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What's a 'WILD' Woman and What Does It Mean for the Labor Movement?

When women succeed, America succeeds, and the union movement and its female leaders are poised to make this a reality.

Equal pay, access to paid sick and family leave and quality health care are just some of the issues women will tackle March 7–8 at the New Jersey State AFL-CIO's 11th annual Women in Leadership Development (WILD) conference in East Brunswick, N.J. 

“Women still find themselves falling behind in the workplace, and the way we fight back is by using our collective energy to push issues of earned sick leave, quality health care and equal pay,” says Laurel Brennan, secretary-treasurer of the New Jersey State AFL-CIO. “This conference will empower and educate union women to strategize, organize and overcome these challenges. WILD women will be tomorrow’s leaders not only at home, in the workplace and in their communities, but in town halls, statehouses, Congress and beyond.”

Because the debate on core women’s issues does not only take place at the workplace and around dinner tables, but also on the Internet, the WILD conference will teach women to become social media thought leaders and activists. That focus is especially geared toward the new generation of union members.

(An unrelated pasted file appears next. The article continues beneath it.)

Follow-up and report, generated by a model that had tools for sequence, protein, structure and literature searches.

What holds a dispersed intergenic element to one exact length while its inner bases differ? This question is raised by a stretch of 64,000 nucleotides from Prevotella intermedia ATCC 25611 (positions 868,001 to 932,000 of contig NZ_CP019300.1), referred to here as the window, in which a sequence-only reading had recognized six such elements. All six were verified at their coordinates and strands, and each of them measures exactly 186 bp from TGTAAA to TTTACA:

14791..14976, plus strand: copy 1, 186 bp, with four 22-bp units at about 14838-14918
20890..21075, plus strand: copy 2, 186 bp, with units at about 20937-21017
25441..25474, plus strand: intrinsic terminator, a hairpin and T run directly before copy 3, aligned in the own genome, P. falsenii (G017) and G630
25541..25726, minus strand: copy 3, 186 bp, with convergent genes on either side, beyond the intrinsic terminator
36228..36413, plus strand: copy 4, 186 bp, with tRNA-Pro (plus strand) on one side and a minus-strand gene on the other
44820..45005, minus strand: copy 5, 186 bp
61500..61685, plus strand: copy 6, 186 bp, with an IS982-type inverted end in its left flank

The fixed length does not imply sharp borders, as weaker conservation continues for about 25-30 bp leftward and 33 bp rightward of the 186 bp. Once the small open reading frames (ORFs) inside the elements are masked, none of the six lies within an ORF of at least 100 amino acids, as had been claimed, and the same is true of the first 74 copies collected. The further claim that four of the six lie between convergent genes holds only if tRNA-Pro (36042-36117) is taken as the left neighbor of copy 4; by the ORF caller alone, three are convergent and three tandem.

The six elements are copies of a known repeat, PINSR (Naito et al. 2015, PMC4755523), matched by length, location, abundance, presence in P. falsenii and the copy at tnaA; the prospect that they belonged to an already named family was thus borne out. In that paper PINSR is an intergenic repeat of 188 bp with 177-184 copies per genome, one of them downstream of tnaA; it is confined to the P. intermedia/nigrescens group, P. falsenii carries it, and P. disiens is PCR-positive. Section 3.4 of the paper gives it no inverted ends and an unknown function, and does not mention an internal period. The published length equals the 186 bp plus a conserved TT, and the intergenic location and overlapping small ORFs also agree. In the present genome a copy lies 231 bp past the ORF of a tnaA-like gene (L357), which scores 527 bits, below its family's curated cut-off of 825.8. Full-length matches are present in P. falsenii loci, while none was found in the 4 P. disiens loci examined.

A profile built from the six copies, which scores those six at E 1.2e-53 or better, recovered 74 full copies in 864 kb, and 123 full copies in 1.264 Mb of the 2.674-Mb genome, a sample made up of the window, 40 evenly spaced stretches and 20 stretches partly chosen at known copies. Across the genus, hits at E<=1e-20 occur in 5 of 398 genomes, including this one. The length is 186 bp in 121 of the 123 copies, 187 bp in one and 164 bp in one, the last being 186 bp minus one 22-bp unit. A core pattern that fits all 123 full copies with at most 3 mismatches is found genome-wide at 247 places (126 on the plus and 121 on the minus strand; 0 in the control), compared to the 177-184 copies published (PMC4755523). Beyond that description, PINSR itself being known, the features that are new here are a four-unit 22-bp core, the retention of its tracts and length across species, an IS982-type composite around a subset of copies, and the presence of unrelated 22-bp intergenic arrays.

“The labor movement has always been a movement for women,” says Elizabeth Shuler, national AFL-CIO secretary-treasurer, and a keynote speaker at this year’s conference. “So it’s important we’re training women leaders to communicate with the next generation through new and creative outlets. We need to go digital and make sure that future women leaders hear our message and understand how collective action builds women’s power.”

A special focus of this year’s WILD conference will be the issue of earned sick leave, which would have a tremendous impact on working women across the state. The New Jersey State AFL-CIO is a founding partner of the 256-member Working Families United for New Jersey Inc. That coalition led last year’s successful statewide campaign to increase New Jersey’s minimum wage and was recently asked by legislative leadership to take the lead in a new effort for a statewide-earned sick leave law.

In addition to Shuler, other keynote speakers include Connecticut AFL-CIO Executive Secretary-Treasurer Lori Pelletier and Terry O’Neill, president of the National Organization for Women (NOW).

“It is an honor to come back to New Jersey to help organize the strong women who are going to be tomorrow’s leaders in the women’s equality movement,” says O’Neill, an attorney, professor and activist, who has been president of NOW since 2009. “Union women know how to organize, and when they come out of WILD they will have an entire toolkit from which to engage and push the public behind the pro-women and pro-working family issues we all support.”

For more information about the 11th annual Women in Leadership Development conference, please visit www.njaflcio.org.

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